Yes! [We flooded] last weekend, I had to use a heater and I had to lift my rug and and soak up everything with paper towels and rags. We do have a canal that was kind of built because before we had flooding come all the way in here. The flooding was coming in higher, up to 2 feet way. And then I get the clogging of the sewers because the rain comes so quickly that there is not a lot of drainage. So people that drive by and don’t slow down- I get all of that. I have water come in 6 feet.
This has caused some businesses to permanently keep sandbags on hand near store entrances. It’s always a surprise to learn about how local of an issue flooding can be, in many cases one side of a street will flood while the other stays dry. While that may be the case today, over the coming decades as sea levels increase and more powerful storms hit, our flood maps will have to be redrawn.
We were impressed by Face/Food and their awareness around all environmental issues, from selling the finest all-natural products to having an amazing recycling program. They even have a TerraCycle Zero Waste Box, and offer customers discounts based on how many recyclables they deposit during their visit. Located right in the heart of downtown Newburyport, it’s easy to see how a business like this can become a staple in the community.
Newburyport is a classic New England town. Settled centuries ago, it continues to face the modern challenges placed before it. Along with many old towns, narrow roads and aging infrastructure tend to be an issue as we heard “I would say the city’s snow removal has been an issue in the past for sure. Or just the city planning around snow removal with so many narrow streets you know, some of them should be one way instead of two way during that time of year, as weird as that would be.” The challenges presented by climate change will be more than just flooding, and innovative solutions will be needed to maintain our communities.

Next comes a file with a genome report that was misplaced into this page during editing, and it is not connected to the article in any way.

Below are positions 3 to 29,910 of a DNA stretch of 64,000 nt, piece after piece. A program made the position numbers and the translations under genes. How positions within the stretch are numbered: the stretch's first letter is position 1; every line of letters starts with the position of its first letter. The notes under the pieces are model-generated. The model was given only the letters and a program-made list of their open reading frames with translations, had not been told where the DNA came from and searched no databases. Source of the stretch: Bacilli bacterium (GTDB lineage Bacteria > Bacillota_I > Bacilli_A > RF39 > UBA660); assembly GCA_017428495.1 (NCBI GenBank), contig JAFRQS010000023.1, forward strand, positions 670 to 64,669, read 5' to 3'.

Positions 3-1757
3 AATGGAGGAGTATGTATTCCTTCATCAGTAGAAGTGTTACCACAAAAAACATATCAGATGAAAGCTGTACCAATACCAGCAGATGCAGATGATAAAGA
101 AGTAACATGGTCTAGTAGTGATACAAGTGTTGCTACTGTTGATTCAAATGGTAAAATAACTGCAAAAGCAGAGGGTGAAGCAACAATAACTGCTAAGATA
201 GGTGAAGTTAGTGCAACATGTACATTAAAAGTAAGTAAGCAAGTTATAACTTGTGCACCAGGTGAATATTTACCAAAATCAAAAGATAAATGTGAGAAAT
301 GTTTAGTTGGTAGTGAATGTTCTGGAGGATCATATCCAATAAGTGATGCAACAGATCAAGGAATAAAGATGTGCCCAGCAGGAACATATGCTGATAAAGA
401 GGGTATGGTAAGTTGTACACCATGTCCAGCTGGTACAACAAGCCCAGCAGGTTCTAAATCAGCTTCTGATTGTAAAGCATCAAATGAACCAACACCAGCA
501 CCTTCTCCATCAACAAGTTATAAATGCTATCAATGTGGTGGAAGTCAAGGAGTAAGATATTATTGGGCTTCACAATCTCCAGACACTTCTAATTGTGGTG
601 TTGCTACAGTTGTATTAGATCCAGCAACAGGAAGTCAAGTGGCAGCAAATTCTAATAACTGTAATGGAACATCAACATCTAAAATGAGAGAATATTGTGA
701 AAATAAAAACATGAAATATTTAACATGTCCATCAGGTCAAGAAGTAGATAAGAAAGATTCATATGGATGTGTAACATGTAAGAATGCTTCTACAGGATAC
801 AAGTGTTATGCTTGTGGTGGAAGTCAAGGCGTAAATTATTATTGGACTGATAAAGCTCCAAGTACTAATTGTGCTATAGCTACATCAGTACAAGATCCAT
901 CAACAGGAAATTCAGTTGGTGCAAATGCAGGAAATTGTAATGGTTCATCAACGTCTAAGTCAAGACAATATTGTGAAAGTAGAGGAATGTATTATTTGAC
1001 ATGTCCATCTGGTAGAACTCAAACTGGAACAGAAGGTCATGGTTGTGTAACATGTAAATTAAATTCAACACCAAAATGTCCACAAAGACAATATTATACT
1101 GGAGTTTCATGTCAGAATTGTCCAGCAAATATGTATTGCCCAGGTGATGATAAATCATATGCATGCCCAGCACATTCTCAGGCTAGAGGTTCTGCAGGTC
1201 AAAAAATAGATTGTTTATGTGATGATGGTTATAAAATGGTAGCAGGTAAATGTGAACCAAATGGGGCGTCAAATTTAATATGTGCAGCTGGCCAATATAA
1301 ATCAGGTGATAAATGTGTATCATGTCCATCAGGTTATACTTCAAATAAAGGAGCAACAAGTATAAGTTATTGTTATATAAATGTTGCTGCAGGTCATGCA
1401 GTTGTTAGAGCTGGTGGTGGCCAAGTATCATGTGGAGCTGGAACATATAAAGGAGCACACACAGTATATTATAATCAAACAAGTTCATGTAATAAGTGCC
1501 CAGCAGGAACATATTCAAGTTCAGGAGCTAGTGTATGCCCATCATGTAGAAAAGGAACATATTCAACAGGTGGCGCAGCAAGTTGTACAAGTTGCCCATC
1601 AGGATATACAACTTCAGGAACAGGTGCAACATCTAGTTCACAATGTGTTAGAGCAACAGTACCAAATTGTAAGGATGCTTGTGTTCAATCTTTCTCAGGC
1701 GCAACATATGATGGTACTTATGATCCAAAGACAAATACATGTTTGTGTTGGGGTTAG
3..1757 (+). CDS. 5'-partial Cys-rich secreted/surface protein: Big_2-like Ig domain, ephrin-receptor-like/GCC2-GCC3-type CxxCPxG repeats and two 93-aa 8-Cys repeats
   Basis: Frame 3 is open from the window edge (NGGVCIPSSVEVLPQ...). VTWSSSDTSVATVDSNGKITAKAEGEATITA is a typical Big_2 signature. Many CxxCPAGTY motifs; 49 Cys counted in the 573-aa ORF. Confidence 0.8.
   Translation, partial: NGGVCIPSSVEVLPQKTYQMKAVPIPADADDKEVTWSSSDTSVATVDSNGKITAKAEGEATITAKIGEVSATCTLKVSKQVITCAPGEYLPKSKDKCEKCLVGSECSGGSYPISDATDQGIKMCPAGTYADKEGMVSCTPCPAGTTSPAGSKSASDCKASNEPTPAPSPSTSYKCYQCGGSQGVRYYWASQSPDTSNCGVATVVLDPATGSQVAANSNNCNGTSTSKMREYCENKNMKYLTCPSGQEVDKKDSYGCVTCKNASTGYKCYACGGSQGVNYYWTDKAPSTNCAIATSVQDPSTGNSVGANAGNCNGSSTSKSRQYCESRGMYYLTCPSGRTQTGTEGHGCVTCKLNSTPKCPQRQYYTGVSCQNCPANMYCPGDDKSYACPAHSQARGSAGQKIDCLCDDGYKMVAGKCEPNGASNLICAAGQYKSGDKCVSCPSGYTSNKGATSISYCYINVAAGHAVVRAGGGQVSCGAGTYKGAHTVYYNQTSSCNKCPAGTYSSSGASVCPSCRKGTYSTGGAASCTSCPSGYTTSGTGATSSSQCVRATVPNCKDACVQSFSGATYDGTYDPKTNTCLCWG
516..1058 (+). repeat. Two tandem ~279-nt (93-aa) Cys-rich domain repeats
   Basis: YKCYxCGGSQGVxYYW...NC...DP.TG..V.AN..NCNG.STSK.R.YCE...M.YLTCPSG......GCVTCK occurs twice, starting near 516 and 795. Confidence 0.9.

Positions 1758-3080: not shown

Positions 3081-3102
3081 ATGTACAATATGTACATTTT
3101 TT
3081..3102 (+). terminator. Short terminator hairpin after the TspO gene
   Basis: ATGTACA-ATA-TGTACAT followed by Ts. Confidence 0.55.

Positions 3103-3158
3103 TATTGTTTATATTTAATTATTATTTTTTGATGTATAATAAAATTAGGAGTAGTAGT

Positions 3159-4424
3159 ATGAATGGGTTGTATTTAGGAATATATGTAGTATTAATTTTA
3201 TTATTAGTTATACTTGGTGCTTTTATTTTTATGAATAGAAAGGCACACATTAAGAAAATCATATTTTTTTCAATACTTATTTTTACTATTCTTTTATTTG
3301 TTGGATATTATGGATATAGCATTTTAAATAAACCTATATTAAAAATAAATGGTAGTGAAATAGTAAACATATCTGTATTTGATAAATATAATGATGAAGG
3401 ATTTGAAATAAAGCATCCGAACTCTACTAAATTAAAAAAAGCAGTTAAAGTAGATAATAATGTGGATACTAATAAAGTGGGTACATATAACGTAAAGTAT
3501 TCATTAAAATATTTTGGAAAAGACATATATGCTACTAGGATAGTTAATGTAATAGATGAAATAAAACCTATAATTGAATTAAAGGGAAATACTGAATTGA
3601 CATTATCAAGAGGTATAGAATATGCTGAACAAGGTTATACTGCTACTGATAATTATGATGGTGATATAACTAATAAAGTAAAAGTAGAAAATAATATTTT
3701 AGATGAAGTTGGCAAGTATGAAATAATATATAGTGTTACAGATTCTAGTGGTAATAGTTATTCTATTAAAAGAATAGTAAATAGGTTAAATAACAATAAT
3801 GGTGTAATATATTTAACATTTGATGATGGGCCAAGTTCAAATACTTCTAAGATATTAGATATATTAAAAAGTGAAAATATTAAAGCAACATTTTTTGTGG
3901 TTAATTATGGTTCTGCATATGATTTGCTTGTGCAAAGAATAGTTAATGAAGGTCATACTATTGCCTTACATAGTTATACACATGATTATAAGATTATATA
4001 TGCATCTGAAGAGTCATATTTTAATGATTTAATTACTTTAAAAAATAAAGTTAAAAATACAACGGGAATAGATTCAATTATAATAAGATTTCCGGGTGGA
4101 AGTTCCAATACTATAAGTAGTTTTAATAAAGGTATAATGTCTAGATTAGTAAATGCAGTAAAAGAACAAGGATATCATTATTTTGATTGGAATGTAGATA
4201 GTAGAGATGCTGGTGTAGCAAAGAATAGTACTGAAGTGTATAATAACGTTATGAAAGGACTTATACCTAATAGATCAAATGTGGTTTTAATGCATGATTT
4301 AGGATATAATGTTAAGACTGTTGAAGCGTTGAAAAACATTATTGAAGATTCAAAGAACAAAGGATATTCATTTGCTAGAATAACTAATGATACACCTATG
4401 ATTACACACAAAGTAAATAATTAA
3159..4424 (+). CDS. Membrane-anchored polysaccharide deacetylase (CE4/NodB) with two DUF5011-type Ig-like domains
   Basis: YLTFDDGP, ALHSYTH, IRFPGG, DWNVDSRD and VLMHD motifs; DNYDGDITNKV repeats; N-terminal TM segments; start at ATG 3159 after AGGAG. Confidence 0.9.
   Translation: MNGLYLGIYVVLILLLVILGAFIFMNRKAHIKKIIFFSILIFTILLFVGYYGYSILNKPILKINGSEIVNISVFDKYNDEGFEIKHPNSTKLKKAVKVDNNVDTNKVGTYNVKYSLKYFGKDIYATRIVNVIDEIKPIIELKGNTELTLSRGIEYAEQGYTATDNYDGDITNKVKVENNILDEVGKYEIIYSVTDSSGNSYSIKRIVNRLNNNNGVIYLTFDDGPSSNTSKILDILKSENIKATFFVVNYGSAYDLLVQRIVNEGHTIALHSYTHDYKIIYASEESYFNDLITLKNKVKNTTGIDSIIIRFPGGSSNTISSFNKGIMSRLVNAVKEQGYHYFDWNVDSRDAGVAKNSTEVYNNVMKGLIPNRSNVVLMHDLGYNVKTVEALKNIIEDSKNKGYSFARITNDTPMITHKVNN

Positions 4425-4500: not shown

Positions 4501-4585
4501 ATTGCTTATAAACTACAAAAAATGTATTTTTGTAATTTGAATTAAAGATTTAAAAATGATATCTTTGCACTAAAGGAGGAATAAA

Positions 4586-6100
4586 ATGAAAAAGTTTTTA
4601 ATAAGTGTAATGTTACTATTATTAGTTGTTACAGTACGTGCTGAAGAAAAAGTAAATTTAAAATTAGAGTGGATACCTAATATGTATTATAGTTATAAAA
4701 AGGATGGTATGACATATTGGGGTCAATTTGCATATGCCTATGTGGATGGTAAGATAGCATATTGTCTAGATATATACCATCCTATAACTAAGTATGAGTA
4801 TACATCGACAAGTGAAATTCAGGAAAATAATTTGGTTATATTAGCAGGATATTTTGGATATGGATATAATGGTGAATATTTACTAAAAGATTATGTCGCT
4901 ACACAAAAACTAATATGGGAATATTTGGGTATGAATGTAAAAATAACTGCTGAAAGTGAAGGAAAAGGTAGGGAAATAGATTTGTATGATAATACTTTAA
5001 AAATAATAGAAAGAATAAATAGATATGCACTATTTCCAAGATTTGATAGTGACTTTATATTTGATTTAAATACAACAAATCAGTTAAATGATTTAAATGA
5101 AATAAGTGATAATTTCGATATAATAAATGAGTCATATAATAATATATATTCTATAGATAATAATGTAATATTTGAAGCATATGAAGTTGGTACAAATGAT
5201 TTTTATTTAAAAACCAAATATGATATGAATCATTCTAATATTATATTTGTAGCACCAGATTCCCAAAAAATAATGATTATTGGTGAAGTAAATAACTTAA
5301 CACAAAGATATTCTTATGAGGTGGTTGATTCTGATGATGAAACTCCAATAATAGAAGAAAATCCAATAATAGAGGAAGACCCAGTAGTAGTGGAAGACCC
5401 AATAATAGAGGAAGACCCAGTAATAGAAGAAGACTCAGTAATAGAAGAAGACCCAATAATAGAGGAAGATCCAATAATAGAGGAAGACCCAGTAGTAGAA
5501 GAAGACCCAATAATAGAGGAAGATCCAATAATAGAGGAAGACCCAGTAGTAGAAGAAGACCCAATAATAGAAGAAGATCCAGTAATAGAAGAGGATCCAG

Sea level rise and climate change will have disproportionate effects based on geography, income, and policy approaches. While it is our individual responsibility to take care of our planet, larger societal and cultural contexts construct the limits from which we can act. Taking control of our own resiliency is a crucial first-step for ensuring the protection of our assets, livelihoods, and futures. In the meantime, we found an online tool that maps out what sea level rise would look like at various depths around Newburyport. As our outreach ends and the writing of the BARS campaign begins, it’s important to reflect on why we do what we do. Ashley from Ride the Wave Yoga kept things real and put it all into perspective. So to end this post and leave some food for thought, let’s consider resiliency to not be so abstract.
“The more manageable, practical tips associations like CABA can provide to small businesses, such as using waterproof paint, the less intangible resiliency becomes. What business is going to question implementing easy tips like this? Businesses want info that helps them– the more immediately applicable the better. Just to start conversations by asking effected businesses simple questions to get them thinking starts to make it real for them. Because until you make it real for them, climate change is going to remain this abstract thing.”
Ashley, Ride the Wave Yoga